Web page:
The Columbus Blue Jackets May Be Improved Over Last Season, But It's Hardly Worth Celebrating

By Dan Dukart on March 28, 2024 at 1:45 pm
Columbus Blue Jackets goaltender Elvis Merzlikins makes a save on Arizona Coyotes right wing Josh Doan
Rick Scuteri-USA TODAY Sports

The Columbus Blue Jackets are better this year than they were last year.

And that's the nicest thing I can muster about the 2023-24 experience. Through 72 games, the team has 58 points, 29th in the NHL. A year ago, they finished with 59 points, 31st in the league. Muted progress, I suppose. 

At the 72-game mark last season, the team had been eliminated from playoff contention, but there was genuine optimism, as the club was in the hunt for a top-three pick in a loaded draft. It seemed likely that the team was going to move on from Brad Larsen, and the prospect of a new coach was enticing. Rookie defenseman David Jiricek was having one of the best U20 seasons in recent AHL history. Kent Johnson was establishing himself as a player on the rise.

But as it stands today, it's hard to say with much conviction that, despite being slightly statistically better in the standings, things are better. The team was humbled by two Stanley Cup contenders, but that's almost to be expected. A third consecutive humiliating loss, this time to the Arizona Coyotes (who happen to be on the shortlist of other mostly tragically bad franchises), was a new low. 

On Tuesday, The Athletic's Aaron Portzline released an article chronicling the years decades of futility, noting that the high-water mark for the franchise was a first-round victory five years ago. Parity missed this franchise, he suggested. Notably/correctly missing from the feature was the word "optimism". 

Injuries continue to mount for a frustrated team that is reeling down the homestretch. In a rational sense, this could be construed as a positive. No sense in ruining your draft position now, right? Another year with a decent chance at a franchise-changing player. But with three top-six picks in the past three years, how can anyone honestly say that that player - whether it's Macklin Celebrini or just a blue-chip prospect who doesn't quite rise to his level - can really change anything?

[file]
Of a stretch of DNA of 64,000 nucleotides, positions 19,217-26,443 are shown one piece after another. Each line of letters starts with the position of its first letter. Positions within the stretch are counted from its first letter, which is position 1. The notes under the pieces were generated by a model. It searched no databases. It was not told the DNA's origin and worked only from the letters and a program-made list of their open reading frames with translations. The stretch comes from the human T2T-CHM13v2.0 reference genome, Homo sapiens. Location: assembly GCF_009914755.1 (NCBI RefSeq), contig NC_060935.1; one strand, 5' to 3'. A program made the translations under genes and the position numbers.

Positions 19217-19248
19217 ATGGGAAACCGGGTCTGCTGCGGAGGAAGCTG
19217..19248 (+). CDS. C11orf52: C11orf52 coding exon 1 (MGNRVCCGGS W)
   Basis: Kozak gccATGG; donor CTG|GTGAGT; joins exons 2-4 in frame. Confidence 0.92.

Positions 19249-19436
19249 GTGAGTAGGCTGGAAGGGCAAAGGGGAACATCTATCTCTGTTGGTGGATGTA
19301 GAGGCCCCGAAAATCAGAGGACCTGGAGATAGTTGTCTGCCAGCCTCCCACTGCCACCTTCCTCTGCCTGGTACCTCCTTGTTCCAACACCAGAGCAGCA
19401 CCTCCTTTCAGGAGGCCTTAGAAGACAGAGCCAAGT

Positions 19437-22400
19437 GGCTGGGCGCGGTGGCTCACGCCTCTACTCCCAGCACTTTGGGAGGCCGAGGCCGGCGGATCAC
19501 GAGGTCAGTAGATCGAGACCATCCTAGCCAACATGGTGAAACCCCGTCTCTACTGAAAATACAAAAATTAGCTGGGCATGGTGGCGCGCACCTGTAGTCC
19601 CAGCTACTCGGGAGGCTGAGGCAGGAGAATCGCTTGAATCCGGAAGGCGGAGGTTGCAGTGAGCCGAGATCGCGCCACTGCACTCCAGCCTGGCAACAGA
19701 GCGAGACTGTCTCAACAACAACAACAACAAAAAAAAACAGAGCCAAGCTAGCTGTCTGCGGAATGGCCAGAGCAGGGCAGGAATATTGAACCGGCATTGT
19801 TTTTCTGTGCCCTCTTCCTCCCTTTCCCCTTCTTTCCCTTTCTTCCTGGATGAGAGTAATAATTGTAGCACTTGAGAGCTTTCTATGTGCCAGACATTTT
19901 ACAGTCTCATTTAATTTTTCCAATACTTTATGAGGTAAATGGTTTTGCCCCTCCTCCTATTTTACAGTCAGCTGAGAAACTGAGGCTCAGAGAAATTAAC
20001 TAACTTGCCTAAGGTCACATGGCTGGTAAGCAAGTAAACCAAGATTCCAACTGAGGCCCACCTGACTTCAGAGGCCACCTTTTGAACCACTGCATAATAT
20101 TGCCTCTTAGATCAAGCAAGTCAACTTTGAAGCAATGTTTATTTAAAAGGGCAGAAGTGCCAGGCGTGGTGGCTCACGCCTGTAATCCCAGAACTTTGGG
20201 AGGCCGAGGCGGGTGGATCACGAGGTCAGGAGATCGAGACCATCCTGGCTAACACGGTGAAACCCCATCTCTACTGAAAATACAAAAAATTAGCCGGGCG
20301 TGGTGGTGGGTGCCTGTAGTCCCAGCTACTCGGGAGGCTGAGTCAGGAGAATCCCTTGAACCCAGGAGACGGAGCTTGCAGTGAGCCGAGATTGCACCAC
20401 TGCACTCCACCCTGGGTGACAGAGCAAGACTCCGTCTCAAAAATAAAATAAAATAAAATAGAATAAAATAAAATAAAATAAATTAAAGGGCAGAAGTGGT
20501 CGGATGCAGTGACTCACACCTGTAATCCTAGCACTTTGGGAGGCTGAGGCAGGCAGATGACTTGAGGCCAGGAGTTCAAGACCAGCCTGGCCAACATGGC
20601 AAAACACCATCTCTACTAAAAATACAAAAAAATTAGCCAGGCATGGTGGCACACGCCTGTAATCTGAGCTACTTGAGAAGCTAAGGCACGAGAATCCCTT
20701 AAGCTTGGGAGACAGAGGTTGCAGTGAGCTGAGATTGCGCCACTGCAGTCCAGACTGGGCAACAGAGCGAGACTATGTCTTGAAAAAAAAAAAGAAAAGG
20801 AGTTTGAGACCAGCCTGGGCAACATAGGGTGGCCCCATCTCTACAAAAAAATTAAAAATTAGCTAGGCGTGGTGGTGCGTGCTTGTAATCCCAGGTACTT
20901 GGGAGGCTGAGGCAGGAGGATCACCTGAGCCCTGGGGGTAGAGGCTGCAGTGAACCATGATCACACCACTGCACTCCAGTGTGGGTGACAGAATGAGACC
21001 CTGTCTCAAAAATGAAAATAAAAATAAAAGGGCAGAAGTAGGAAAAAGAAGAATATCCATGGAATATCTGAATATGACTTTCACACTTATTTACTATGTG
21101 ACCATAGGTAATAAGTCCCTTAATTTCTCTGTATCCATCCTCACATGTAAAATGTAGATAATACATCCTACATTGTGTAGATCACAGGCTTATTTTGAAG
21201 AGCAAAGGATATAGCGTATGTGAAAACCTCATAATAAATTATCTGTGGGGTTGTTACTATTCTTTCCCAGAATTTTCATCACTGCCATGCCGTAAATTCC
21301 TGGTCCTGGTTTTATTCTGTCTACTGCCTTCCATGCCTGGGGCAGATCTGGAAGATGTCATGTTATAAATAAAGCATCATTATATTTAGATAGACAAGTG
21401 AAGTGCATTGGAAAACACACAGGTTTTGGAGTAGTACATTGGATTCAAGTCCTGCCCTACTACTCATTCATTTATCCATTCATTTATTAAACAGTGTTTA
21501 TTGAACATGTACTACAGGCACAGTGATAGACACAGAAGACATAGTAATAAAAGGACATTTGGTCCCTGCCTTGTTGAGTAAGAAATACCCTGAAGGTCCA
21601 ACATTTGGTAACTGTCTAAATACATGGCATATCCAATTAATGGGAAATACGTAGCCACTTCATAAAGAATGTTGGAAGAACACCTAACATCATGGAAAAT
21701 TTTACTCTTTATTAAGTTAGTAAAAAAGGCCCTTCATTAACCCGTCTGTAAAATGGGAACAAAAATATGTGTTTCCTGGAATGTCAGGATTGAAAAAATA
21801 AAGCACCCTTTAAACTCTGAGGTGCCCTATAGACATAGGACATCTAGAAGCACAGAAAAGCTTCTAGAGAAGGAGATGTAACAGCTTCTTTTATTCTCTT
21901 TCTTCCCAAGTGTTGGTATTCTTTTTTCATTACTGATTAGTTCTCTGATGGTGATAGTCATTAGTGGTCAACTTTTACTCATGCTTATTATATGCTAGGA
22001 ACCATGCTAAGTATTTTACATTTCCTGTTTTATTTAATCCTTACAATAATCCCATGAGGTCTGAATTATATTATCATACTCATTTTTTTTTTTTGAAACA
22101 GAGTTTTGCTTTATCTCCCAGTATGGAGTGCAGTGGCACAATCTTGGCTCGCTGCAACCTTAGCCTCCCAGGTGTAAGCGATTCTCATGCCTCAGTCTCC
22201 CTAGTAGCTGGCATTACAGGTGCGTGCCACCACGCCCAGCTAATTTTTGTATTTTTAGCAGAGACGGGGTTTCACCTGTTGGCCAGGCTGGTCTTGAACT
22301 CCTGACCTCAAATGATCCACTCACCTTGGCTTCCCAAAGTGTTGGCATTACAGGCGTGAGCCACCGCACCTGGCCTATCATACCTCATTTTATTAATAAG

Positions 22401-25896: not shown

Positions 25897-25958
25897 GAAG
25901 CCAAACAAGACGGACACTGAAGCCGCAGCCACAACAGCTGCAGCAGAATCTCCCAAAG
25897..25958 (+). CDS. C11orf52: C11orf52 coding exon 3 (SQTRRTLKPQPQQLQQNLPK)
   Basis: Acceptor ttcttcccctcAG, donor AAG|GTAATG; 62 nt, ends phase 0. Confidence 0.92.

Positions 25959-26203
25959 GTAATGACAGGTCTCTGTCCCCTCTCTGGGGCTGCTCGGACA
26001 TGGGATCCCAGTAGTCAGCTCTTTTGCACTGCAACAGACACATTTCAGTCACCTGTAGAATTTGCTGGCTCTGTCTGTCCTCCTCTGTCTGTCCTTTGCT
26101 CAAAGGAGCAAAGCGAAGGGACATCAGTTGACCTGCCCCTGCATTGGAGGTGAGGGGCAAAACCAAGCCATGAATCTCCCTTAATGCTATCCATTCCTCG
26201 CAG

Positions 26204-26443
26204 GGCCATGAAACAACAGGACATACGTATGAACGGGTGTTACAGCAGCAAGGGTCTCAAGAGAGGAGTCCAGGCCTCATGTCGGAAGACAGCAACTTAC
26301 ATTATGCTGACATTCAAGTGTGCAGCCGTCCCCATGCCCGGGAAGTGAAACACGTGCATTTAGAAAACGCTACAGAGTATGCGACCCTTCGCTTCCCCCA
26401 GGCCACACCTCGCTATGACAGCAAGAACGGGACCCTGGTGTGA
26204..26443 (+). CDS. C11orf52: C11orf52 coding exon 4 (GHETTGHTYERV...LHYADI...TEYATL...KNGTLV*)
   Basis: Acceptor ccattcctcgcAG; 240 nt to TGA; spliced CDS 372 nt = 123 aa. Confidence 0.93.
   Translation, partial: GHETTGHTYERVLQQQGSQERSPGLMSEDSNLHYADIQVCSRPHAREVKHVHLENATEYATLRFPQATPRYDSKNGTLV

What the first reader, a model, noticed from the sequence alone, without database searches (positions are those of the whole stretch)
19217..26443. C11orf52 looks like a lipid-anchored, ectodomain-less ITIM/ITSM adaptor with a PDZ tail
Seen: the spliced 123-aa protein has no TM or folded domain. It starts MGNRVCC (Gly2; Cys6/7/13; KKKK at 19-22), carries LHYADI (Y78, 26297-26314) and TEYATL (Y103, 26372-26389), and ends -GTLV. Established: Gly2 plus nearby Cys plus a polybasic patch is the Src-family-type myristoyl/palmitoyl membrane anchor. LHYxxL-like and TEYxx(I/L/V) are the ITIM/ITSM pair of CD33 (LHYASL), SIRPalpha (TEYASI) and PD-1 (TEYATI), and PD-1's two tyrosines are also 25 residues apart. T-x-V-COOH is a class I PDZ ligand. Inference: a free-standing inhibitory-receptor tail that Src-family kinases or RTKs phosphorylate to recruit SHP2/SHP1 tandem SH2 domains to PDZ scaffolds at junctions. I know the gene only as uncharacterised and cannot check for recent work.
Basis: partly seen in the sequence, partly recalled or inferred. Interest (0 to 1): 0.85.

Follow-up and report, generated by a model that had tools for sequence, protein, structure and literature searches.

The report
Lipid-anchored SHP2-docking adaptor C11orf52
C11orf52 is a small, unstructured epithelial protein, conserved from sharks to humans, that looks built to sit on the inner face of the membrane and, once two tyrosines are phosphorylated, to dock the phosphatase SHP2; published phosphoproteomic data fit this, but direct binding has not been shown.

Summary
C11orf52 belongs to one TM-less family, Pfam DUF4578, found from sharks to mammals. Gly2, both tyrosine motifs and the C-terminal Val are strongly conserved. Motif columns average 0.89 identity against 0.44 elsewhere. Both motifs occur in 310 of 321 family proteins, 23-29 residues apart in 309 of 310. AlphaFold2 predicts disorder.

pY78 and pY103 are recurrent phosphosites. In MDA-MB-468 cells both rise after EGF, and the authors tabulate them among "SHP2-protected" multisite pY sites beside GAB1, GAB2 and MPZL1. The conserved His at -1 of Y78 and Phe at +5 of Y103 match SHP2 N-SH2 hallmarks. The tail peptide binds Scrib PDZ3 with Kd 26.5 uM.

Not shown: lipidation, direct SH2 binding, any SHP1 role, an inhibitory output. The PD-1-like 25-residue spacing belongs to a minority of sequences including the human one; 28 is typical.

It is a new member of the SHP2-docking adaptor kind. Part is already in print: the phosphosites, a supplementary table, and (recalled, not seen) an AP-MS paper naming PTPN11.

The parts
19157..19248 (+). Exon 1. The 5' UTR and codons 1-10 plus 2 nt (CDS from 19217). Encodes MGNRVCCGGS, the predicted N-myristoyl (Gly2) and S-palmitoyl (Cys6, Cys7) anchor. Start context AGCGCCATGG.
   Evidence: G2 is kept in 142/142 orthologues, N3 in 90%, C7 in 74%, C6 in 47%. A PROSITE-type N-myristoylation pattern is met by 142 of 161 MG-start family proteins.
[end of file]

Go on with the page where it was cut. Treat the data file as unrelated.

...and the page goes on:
Portzline's honest assessment of the team concluded that the team is looking for a "savior". 

"...Which means the franchise is looking for a new “savior” after another losing season, the fourth straight and the 17th in 23 seasons that the Jackets have missed the playoffs."

But in professional sports, the savior is rare. What is more common, and fortunately/unfortunately (depending on your viewpoint) for the Blue Jackets, is an organization building from the ground up. It starts with a strong foundation, supplementing from there with youth and new blood, and creating a culture of winning from within. It's why, for every Columbus Blue Jackets there is a Boston Bruins; a team that is more than the sum of its parts, where a Hall of Famer center can retire and the team continues to contend for a President's Trophy. Where a Hall Of Fame captain and legendary defender can retire, and the torch can be passed seamlessly.

The Blue Jackets may be showing progress, but let's not kid ourselves. There is a long way to go.  

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